The Representation of Women in Funerary Art

The Representation of Women in Funerary Art

Zoe Albert, Alexandra Alvarez, Kim Chu, Alec Jolicoeur, Francesca Miller, Clara Neilson

Our exhibition critically examines the patterns and developments related to iconographical representations of women in burial contexts. Our analyses explore how the content of funerary art reflects the societal, political, and domestic roles of women in Ancient Greece and Egypt. Our exhibition correlates funerary objects with conceptions of female deities, social responsibilities of elite women, and the varying perceptions of the enigmatic sphinx.

We aim to forge connections between these two unique cultures through the examination of depictions of females in funerary art and their association with ancient thought. We encourage the viewer to conceptualize our exhibition by pairing comparable figures or concepts from each culture.

While Pausimache’s Stele: Virtue and Tragedy explores the visualization of Ancient Greek notions of societal norms for elite women, Nefertiti as Divine Protector of Akhenaten’s Sarcophagus examines how a funerary artifact typifies the atypical role of an Egyptian queen. When these exhibits are paired, the viewer may contrast the responsibilities of elite women as they are represented in Greek and Egyptian artworks.

Through analyzing The Representation of Woman in Egyptian Funerary Art and Oedipus and the Sphinx: The Enigmatic Feminism of the Powerful Beast, the viewer determines that the sphinx is the manifestation of combined images of the ideal form. In the Egyptian tradition, the sphinx is thought to be a merged symbol of the ferocity of a lion and the noble strength of a king. Comparatively, the Greek Sotadean Sphinx is the product of the union of the animal, the divine and the human whose representation is ultimately the female form. Despite the gender identity of the Egyptian and Greek sphinx, their underlying common motive is to illustrate larger histories of representation of divine ideals.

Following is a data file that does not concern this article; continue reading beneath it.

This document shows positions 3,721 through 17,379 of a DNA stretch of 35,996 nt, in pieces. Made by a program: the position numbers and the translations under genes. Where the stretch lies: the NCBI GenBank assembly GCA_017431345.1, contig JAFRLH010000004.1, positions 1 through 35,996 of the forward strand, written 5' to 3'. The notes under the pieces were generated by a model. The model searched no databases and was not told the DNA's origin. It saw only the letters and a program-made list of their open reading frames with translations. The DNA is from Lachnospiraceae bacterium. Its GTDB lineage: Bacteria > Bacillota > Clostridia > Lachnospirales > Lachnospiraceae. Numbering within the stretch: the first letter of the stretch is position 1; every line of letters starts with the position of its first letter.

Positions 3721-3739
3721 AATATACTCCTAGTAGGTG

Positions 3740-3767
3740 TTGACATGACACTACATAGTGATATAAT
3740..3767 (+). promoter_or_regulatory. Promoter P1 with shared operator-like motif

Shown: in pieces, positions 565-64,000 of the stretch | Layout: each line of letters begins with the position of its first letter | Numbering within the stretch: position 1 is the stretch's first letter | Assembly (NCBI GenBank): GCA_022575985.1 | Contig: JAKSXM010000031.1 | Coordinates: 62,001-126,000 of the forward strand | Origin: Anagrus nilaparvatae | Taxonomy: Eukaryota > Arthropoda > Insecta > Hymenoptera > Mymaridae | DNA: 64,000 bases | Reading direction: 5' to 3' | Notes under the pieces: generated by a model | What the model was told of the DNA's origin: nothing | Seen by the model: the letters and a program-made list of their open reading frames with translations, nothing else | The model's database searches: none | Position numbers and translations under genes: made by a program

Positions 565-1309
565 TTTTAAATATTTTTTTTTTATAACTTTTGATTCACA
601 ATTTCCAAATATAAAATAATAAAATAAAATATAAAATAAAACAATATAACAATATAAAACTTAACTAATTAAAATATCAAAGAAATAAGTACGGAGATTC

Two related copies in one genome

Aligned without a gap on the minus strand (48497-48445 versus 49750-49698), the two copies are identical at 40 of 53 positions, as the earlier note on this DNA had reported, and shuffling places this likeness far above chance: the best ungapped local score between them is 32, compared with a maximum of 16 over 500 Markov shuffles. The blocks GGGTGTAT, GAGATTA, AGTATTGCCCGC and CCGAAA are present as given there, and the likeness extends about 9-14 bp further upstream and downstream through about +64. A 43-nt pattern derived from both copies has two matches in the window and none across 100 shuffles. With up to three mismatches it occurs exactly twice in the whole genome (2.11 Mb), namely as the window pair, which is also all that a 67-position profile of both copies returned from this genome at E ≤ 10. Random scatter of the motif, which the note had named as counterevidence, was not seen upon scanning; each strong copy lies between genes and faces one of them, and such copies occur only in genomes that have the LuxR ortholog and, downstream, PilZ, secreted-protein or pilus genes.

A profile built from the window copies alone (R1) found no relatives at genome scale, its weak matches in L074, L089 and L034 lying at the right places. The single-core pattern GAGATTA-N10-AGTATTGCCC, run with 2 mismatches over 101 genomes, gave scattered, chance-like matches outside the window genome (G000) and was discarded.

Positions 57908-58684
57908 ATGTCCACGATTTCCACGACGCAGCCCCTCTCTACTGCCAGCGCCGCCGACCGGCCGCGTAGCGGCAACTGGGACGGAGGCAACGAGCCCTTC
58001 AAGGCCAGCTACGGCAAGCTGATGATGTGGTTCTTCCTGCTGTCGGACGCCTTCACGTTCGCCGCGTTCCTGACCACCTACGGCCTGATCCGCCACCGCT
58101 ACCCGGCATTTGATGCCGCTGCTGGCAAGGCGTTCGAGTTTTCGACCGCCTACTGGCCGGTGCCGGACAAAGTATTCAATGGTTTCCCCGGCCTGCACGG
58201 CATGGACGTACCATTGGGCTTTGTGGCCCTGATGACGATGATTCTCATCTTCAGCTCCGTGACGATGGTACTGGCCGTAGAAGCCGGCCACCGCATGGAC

A comparison of Persephone: Queen of the Underworld and Isis: Goddess and Mother of Egypt reveals that in both Greek and Egyptian civilizations, mythic female deities play an essential role in the myths and beliefs of death and the afterlife. Both goddesses have come to convey a notion of death and rebirth in their respective cultures. The exhibi

ts about these two mythical figures aim to showcase how these powerful female figures influenced and shaped the mortal conception of death and beyond.


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